Usage and Dosage
When starting creatine, most individuals begin with a loading phase. This is done to quickly increase the amount of creatine stored within the muscles.
When creatine loading, the recommendation is to consume a total of 20 grams per day in four separate five-gram doses (16). The loading phase should last for five to seven days.
Once the loading period has concluded, it is recommended to consume three to five grams per day. This will preserve high amounts of creatine stored within the muscle.
It is possible to take creatine without loading, however, this may increase the time taken for creatine stores to be optimized.
Before starting creatine, speak to a doctor to ensure it is safe to do so. Additionally, when selecting a creatine supplement, choose a high-quality product.
Do not exceed the recommended dosage as this may increase the risk of experiencing side effects.
Is creatine good for anxiety?
Considering that creatine boosts energy production, creatine supplementation may impact the brain as well as the muscles.
As highlighted, creatine is often used to combat the symptoms of cognitive diseases such as Alzheimer’s and Parkinson’s.
Therefore, creatine may enhance brain health and reduce anxiety and other cognitive issues. However, there is a significant lack of research on the matter and more is required.
Is creatine a steroid?
No – creatine is a naturally occurring substance found within the body. It is produced by the liver, kidneys, and pancreas and is made up of amino acids.
Meanwhile, steroids are man-made compounds that are designed to boost levels of testosterone. They are in no way similar to creatine.
Can creatine increase testosterone levels?
A small number of studies have suggested that creatine may increase testosterone levels. While these results are statistically significant, the increases appear to be very small.
However, a number of other studies have found no correlation between creatine supplementation and testosterone production.
Additional research is needed to determine the relationship between the two and the extent of any potential increase.
Does creatine affect sleep?
Research on the topic suggests that creatine supplementation does not negatively impact sleep.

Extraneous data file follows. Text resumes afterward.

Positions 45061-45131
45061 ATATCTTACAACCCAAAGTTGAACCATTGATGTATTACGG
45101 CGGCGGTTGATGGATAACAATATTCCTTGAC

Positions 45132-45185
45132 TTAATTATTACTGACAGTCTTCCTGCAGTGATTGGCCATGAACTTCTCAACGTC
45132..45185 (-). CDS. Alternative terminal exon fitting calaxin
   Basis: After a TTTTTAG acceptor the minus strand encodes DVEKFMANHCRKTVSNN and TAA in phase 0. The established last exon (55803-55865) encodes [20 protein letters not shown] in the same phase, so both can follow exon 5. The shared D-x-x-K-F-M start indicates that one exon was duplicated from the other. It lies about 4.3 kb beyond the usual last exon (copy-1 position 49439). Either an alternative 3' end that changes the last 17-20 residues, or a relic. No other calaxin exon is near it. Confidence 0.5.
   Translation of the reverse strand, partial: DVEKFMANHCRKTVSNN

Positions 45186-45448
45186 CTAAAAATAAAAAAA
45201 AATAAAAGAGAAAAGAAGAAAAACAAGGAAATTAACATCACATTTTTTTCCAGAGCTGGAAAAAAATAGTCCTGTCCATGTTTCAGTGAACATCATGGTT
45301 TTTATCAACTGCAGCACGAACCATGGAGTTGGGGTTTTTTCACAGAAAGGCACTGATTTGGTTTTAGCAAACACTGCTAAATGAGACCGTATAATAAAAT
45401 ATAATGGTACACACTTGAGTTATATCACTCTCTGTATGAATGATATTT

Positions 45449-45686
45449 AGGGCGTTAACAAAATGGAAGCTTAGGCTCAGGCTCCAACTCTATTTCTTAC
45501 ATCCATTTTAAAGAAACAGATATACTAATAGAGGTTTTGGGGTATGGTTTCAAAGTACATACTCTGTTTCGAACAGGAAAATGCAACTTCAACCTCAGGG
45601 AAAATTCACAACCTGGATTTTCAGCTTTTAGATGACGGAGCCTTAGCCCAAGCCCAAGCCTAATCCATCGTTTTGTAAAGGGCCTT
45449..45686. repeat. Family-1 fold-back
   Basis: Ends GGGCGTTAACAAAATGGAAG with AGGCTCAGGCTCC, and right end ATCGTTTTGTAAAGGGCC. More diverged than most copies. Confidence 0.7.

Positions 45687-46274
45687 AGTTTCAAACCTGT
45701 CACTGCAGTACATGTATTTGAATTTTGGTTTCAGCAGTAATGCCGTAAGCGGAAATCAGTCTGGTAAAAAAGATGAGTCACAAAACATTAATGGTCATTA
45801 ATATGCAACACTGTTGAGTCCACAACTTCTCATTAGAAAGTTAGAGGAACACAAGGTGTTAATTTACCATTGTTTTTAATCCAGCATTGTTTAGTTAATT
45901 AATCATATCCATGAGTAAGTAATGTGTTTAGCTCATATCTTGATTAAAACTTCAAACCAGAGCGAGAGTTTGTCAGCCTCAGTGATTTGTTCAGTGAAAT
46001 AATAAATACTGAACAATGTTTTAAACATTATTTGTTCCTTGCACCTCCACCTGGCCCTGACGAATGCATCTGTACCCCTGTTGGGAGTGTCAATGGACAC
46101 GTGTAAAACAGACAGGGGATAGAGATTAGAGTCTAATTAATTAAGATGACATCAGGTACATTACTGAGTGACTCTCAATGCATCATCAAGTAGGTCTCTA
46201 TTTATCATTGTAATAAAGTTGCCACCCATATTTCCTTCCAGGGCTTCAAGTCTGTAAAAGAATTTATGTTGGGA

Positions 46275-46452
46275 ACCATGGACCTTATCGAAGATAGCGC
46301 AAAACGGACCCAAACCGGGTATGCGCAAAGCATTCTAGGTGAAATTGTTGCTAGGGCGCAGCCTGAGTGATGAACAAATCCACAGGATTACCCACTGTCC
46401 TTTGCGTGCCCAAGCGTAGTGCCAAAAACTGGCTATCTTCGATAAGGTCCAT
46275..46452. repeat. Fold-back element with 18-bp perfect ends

In fact, studies indicate that creatine may actually reduce sleep need and the impact and sleep deprivation. This may make it an effective treatment for those with sleep disorders (17).
Is creatine necessary for muscle growth?
Two major factors that influence muscle growth are strength training and nutrition.
Strength training causes mechanical tension, metabolic stress, and muscle damage. These three mechanisms are the key to causing substantial muscle growth.
In addition to resistance training, nutrition will also impact muscle growth. For effective muscle growth, a calorie surplus must be established to allow for optimal recovery.
While supplements like creatine can facilitate a greater rate of muscle growth, they are not absolutely essential. It is possible to build significant muscle size without the use of creatine.
The vast amount of research that has been conducted on creatine indicates that it is an effective performance enhancer.
Taking creatine supplementally has been found to increase the amount of creatine stored within the muscles. This has a positive impact on muscle power and strength.
Furthermore, studies have also concluded that creatine can facilitate an increase in muscle size and may positively impact brain health.
There are a number of creatine types, however, creatine monohydrate appears to be the most effective.
Although some have concerns about the impact on renal function and hydration levels, studies have found creatine to be safe.
That said, exceeding the recommended dosage may cause issues. Furthermore, creatine may not be suitable for those who have a history of renal problems.
Despite its great safety profile and efficiency, it is recommended to consult a doctor before taking creatine.